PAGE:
Time are launching a new aero road bike called the Skylon, and we had the chance to take a look and have a quick ride at Eurobike 2014 in Germany earlier today.
We gave you a sneak peek at the Skylon back at the start of the month, but we had few details at the time. Now we can fill in the blanks.
(Yes, we know that's showing a lot of seatpost - Matthew has very long legs)
Let’s kick off with some statistics. Everyone loves some statistics, right?
Compared with Time’s existing ZXRS, the Skylon has a claimed:
• 30% greater rigidity.
• 45% greater bottom bracket rigidity.
Claimed frame weight is 945g.
That rigidity is partly down to the use of a BB386Evo bottom bracket. The widely spaced bearings allow Time to increase the cross section of the tubes, and the chainstays sit wide, the idea being to improve power transfer. The seat tube is asymmetric, Time taking the material out wider on the non-driveside to add to the stiffness. They also use a large-section head tube for more rigidity at the front end.
When it comes to the aerodynamics, Time use an integrated fork. In other words, the head tube is shortened at the joint with the down tube so that the fork crown doesn’t extend the size of the frontal area.
The fork legs are narrow, and that’s a theme that follows through to the down tube, the seat tube and the seatstays. Those seatstays join the seat tube low so they are shorter than usual, reducing the frame’s frontal area.
Like the seat tube, the seatpost has an aero profile, and Time use an inline seat clamp – the middle of the seat clamp sits inline with the centre of the post; there’s no layback. This inline post saves a little weight over one with layback, but Time have adjusted the Skylon’s angles so that the seat clamp sits in the same place as on the ZXRS.
The Skylon comes in at the top of Time’s road range, and it’s woven in France.
We had a brief ride on the Skylon at Eurobike on some super-smooth roads in Germany and it felt promising, but we'd not want to comment on ride quality after such a short stint in the saddle - plus our test model didn't have the Aktiv vibration damping.
The Skylon is available with Time’s brand new Aktiv vibration-damping technology – although the Skylon is also available without (the one pictured above has a standard fork rather than an Aktiv fork), and you can get the Aktiv tech on other Time frames too.
First things first, though: what the hell is Aktiv?
Okay, so the first thing you need to know is that it’s a fork-based system.
The second thing you need to know is that it’s totally different to anything else out there at the moment.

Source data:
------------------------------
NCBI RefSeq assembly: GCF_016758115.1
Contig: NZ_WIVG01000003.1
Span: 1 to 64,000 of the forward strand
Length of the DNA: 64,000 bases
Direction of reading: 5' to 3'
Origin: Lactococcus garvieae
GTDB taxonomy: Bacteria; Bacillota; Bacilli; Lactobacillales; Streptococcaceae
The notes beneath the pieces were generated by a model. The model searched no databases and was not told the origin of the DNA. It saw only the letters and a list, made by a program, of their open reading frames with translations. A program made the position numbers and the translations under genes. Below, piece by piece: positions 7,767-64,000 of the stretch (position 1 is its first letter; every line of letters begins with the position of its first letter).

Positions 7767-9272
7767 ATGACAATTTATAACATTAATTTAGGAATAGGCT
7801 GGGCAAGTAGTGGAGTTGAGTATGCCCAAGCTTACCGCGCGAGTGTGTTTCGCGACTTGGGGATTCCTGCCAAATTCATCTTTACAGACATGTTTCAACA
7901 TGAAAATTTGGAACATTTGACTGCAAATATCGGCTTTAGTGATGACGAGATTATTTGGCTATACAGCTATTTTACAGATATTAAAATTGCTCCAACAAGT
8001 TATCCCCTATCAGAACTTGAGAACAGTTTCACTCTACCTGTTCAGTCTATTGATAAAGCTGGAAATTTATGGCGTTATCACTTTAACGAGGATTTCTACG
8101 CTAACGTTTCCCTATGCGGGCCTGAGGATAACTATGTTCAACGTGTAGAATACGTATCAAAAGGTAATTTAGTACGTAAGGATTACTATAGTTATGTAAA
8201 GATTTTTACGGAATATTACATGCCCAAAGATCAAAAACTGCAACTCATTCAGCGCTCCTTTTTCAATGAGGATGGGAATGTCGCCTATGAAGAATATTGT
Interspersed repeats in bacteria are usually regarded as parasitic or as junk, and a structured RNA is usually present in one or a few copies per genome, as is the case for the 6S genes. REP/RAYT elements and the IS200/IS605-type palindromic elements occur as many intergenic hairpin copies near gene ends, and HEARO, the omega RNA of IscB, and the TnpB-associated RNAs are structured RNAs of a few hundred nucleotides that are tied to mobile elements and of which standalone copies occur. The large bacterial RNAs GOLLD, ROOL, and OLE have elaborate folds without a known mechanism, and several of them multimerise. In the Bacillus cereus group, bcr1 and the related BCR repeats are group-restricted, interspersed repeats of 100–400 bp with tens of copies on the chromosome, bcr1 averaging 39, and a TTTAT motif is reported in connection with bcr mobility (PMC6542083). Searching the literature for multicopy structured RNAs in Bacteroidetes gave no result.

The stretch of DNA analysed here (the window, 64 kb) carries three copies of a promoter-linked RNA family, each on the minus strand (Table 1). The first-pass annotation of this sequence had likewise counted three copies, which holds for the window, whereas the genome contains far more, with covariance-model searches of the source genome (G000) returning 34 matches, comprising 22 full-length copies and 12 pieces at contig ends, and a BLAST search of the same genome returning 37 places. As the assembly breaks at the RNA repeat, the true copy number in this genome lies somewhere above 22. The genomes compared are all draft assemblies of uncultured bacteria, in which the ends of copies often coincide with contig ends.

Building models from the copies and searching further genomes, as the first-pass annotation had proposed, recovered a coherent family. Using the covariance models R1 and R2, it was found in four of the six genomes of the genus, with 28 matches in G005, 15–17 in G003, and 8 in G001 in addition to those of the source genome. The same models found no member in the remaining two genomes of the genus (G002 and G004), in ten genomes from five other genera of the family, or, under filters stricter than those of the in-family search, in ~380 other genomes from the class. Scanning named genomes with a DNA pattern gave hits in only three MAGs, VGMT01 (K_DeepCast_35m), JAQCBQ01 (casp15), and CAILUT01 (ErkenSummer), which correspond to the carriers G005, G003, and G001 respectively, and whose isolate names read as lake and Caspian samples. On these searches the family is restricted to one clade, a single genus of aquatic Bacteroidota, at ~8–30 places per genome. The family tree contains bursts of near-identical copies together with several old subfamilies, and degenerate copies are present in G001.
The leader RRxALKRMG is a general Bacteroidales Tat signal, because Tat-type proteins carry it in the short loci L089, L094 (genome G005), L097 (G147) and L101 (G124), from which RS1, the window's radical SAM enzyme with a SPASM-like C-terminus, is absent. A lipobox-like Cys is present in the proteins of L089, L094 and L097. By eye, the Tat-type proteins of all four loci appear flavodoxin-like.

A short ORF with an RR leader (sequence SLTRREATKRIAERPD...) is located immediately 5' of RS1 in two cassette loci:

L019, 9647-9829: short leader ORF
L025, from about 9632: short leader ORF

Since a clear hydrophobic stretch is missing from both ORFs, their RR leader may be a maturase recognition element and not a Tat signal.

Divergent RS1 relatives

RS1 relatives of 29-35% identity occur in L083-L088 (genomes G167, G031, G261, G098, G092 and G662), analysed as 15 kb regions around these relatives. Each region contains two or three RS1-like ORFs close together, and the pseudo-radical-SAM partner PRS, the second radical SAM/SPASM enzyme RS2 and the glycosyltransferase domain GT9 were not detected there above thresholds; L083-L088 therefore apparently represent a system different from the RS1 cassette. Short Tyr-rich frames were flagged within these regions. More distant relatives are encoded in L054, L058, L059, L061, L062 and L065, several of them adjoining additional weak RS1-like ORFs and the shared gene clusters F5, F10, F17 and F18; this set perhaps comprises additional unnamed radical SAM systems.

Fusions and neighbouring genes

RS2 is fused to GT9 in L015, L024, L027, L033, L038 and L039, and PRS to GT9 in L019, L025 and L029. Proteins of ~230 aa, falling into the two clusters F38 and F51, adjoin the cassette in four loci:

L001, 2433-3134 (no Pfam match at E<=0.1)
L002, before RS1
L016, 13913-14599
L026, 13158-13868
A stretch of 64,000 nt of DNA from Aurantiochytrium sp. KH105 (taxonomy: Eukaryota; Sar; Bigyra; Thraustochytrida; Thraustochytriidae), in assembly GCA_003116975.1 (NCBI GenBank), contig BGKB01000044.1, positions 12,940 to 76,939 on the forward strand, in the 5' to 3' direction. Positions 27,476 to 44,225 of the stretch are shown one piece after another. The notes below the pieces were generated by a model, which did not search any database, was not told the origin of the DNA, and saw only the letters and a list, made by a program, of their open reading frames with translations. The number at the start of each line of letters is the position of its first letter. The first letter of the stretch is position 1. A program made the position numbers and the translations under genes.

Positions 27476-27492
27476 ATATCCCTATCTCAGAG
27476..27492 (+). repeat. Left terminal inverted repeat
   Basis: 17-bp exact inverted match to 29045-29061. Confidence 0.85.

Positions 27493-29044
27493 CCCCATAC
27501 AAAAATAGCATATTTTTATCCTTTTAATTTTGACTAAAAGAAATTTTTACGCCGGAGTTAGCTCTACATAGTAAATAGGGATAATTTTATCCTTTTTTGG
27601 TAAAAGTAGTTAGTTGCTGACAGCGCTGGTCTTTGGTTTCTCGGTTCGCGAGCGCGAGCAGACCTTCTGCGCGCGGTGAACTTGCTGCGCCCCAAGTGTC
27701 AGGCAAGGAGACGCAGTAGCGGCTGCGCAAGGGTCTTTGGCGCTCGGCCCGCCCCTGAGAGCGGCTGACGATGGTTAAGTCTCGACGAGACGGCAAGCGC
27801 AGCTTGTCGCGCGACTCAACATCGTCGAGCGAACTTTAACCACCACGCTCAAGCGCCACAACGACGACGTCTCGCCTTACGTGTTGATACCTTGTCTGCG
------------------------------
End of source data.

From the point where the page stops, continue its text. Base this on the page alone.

We’ll allow Time to explain.
“We have developed a patented system of tuned mass damping. The Tuned Mass Damper includes a mass, a sandwich of two spring blades and damper.”
A sandwich, huh? We’re interested.
“Vibrations from the road are at the root of many micro-traumas to the joints, affecting ride comfort, road holding, command and control of the bike, compromising both safety and performance. Low frequency vibrations between 245 and 50Hz can have the most detrimental effect on performance causing discomfort and fatigue.
“The Tuned Mass Damper is a dissipative system that is designed to stabilise against harmonic vibrations. These occur when the vibration of the bicycle and rider are in phase with the vibrations from the road.
“Through vibrating itself the Tuned Mass Damper absorbs the worst case vibrations by off-setting the vibrations phase, reducing their intensity.”
In other words, the Tune Mass Damper vibrates inside the fork while you enjoy a smoother ride. It’s novel.
Sadly, we weren’t able to give the Aktiv system a try although we’ll do our best to get more information over the course of the show.
What we did manage to get for you are some prices, although only in Euros at the moment. Skylon prices start at €4,675 – that’s for the frame with a standard (non-Aktiv) fork and a Shimano Ultegra groupset. Prices go up to €6,915 for the Skylon with a standard fork and a Campagnolo Super Record group.
If you want the Skylon with an Aktiv fork, €5,955 gets you the Shimano Ultegra version. The Campagnolo Super Record EPS (electronic) version is priced at a whopping €11,135.
Click here to read all of our stories from Eurobike 2014 - the world's biggest bike show.
Mat has been in cycling media since 1996, on titles including BikeRadar, Total Bike, Total Mountain Bike, What Mountain Bike and Mountain Biking UK, and he has been editor of 220 Triathlon and Cycling Plus. Mat has been road.cc technical editor for over a decade, testing bikes, fettling the latest kit, and trying out the most up-to-the-minute clothing. We send him off around the world to get all the news from launches and shows too. He has won his category in Ironman UK 70.3 and finished on the podium in both marathons he has run. Mat is a Cambridge graduate who did a post-grad in magazine journalism, and he is a winner of the Cycling Media Award for Specialist Online Writer. Now pushing 50, he's riding road and gravel bikes most days for fun and fitness rather than training for competitions.